So there was a lot to be excited about at the Festival. Even so, the release of Mozilla’s Popcorn 1.0 – the HTML5 tool that “makes video work like the web” was the big story yesterday. If you are a regular reader of this blog you’ll know about Popcorn – a tool for linking video to other web content – which has been in pre-release over the last year. (CollabDocs posts include Open Video Conference 2010). If not you can find out more in this backgrounder on Popcorn from Matt at Mozilla (thanks for the post title.)
Kat Cizek’s One Millionth Tower, a ground-breaking documentary spin-off from the Highrise project, is made with open-source tools – Popcorn and Web GL (which enables the interactive generation of 3D graphics). It premiered at the Festival last night. (Unfortunately I had to leave early but experienced the hoopla via my Twitter feed on the train home. ) You can see it in linear form, more importantly explore it (you’ll need Chrome or Firefox) now on Wired.com. This is surely the first time the magazine has led on a documentary story, which underlines the significance of this moment for the moving image.
As Wired puts it; One Millionth Tower, ”is not just a static story recorded on film and then edited together for audiences. It exists in a 3-D setting made possible by a tool called three.js, which lets viewers walk around the high-rise neighborhood. Moving through allows viewers to see the current state of urban decay, then activate elements to show ways the residents would change their world, like an animation showing where a new playground or garden would go.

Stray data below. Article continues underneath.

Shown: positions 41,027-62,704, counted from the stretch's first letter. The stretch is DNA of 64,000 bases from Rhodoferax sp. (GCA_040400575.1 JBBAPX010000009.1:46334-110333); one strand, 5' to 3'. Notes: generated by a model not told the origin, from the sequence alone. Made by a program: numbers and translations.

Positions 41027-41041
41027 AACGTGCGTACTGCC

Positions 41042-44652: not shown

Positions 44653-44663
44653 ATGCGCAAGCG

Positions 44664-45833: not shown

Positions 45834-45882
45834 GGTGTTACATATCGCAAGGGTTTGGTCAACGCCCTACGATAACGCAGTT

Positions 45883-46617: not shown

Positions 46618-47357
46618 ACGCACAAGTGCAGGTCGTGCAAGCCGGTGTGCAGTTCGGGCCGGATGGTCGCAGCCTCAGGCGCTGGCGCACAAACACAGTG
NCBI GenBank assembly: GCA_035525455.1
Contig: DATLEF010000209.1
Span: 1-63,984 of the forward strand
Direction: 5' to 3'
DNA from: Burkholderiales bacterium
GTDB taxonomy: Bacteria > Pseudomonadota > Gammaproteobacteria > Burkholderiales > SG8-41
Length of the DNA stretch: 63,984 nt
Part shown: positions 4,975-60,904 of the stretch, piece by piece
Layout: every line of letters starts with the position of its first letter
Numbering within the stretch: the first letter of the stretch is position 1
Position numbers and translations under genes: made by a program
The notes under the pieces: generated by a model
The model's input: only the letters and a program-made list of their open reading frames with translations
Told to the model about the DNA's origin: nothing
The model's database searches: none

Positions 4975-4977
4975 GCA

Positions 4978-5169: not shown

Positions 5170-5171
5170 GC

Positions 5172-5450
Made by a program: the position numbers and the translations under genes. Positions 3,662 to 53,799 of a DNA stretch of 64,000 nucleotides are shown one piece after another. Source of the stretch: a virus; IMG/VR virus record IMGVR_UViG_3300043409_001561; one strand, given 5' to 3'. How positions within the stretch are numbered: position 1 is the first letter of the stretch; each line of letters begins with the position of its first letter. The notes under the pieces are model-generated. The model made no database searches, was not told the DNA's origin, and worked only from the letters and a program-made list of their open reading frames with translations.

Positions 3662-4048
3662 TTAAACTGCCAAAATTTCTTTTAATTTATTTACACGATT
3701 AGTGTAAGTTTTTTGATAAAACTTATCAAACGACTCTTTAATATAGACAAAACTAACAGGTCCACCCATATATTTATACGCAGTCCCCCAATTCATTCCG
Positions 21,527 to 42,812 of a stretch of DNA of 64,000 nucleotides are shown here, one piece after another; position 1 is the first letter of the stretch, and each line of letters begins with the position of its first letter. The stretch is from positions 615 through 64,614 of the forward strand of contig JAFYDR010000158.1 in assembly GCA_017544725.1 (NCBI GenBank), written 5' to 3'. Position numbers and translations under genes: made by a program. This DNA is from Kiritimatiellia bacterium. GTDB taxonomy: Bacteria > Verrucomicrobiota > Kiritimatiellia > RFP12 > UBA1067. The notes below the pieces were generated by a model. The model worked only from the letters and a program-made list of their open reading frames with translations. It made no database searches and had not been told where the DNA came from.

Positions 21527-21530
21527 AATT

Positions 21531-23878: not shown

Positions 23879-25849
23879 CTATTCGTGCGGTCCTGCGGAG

The interactive movie is chock-full of photos from Flickr, street-views from Google Maps and changing environments fueled by real-time weather data from Yahoo. Everything is triggered by Popcorn.js, which acts like a conductor signalling which instruments play at what times.”
Brett Gaylor, filmmaker and Mozilla lead on the Popcorn project has said, “This is the moment where web video grows up as an artistic medium. In the same way that earlier film pioneers experimented with new techniques like montage, we’re now seeing ‘web-made movies’ that pull in real time information from the web.”
One Millionth Tower isn’t a totally slick product. It’s not an end in itself, but it involves significant innovation which has come about through a happy confluence of open-source politics, some very talented people, and imaginative investment by Mozilla and the National Film Board of Canada. Cizek explained how the approach emerged in an interview with CollabDocs a few months ago. There’s lots more background on One Millionth Tower on Wired. Check out the Open Technology video for an explanation of the open-source technologies involved in the piece. But let’s not forget the theme of urban life and community which is the subject of One Millionth Tower, and the inspiring collaborative approach to documentary production which the project reflects. This is Cizek and her team reinventing documentary for social change as a 21st century practice. (Read more about how Cizek was hired by the National Film Board of Canada to rework the seminal Challenge for Change project here.)